Why so basic? It stands to reason that whoever’s searching for a particular cafe’s website by name and while on the go, simply wants to find out where the cafe is, if they’re currently open, and if they have their favorite beverage. Nothing more.
And yes, this does introduce some complexity into the design process – since you basically need to prepare more or less different versions of the project for different devices. However, it’s an approach that’s highly optimized for actual, real world users. A design project that misses the context won’t be able to cater to its end user effectively.
For a more tech-specific example, here’s what the main desktop panel of Remember The Milk – a popular productivity tool – looks like:
And here’s the mobile view:
As you can see, they are quite different. The desktop view provides a lot of information inside a three-column layout: the sidebar, the main task list, and the options/customizations panel. The mobile view, however, focuses just on the to-do list. The creators of this tool understand that whoever’s on mobile just wants to have a glance at the current tasks and interact with them quickly. On desktop, however, they can (and probably want to) manage their tasks in a more detailed manner. This is a good example of a company deeply understanding the contexts that their users are in.
3. Provide Continuity
As it turns out, people often start their online sessions on mobile and then switch to another device to continue where they left off. For example, people are very likely to start looking for new shoes on mobile, but then switch to desktop to further analyze their options and make the final decision.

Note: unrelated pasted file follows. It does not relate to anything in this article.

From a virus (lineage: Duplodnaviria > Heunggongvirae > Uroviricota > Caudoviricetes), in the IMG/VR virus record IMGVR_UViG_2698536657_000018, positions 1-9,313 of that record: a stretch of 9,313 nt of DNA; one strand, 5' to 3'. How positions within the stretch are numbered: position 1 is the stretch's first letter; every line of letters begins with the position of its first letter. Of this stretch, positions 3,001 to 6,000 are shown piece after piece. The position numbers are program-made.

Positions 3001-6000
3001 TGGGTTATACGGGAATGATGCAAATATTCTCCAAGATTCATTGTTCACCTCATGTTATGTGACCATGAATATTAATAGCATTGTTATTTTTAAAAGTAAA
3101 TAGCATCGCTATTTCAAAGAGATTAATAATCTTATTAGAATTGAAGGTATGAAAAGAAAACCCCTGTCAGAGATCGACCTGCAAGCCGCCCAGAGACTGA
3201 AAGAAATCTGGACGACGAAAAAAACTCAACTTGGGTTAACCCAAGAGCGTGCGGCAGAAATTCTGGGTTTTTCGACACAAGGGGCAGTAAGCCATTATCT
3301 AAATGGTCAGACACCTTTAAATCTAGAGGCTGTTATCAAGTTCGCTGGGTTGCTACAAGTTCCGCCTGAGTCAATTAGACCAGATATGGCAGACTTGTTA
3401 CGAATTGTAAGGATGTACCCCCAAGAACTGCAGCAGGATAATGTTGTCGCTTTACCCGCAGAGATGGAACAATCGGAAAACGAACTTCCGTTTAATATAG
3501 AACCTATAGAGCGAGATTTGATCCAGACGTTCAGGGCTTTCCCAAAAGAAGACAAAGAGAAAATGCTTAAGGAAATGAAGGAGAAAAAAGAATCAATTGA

This type of “sequential device usage” means that we should think about how we can provide the user some continuity, so that they don’t have to start from scratch whenever they change the device while interacting with our app or website. Chances are, if they have to start over, they won’t bother.
The first thing to do is to make the experience itself consistent. This is achieved by utilizing the same branding elements, color schemes, and the same mechanisms for the core functionality of the site or app. Apart from that, let’s think how we can build upon the mobile experience when the user switches to a bigger screen. Is there anything else that we can display that will help them achieve their goal? Provide more data, etc.? Answering this sort of questions will steer you in the right direction.
4. Go Mobile First
Perhaps a bit controversial approach to take, but it might just be the best thing we can do in this day and age. Let’s face it, mobile usage is on the rise, and even setting the massive app market aside, people still prefer to access standard websites via mobile rather than desktop. And these numbers are still growing.
What this means in plain English is that there’s a better chance that your next website visitor will be using their smartphone rather than their laptop. And this is huge because it changes the entire context of whom we’re building websites for in the first place. It’s no longer people sitting at their desks, it’s people on the go, trying to catch a bus.
So why not think about the majority first? Why not build whatever design for mobile first, and only then optimize it for other devices as well, instead of doing it the other way around?
If you don’t agree, that’s okay, but please at least contemplate on the idea and consider giving it a try when approaching your next project.
At the end of the day, good UX is all about understanding what the user needs and how we can help them make that need a reality. And it just so happens that those goals – along with how we can help the user achieve them – can change based on the device the user is currently holding.
Just to reiterate, the process of designing for different screen sizes and devices can consist of a handful of steps:
- Make everything work, regardless of the device.
- Understand the user contexts.
- Provide continuity.
- (Probably) go mobile first.
Much easier said than done, I know, but it’s surely something worth pondering when working on your next projects.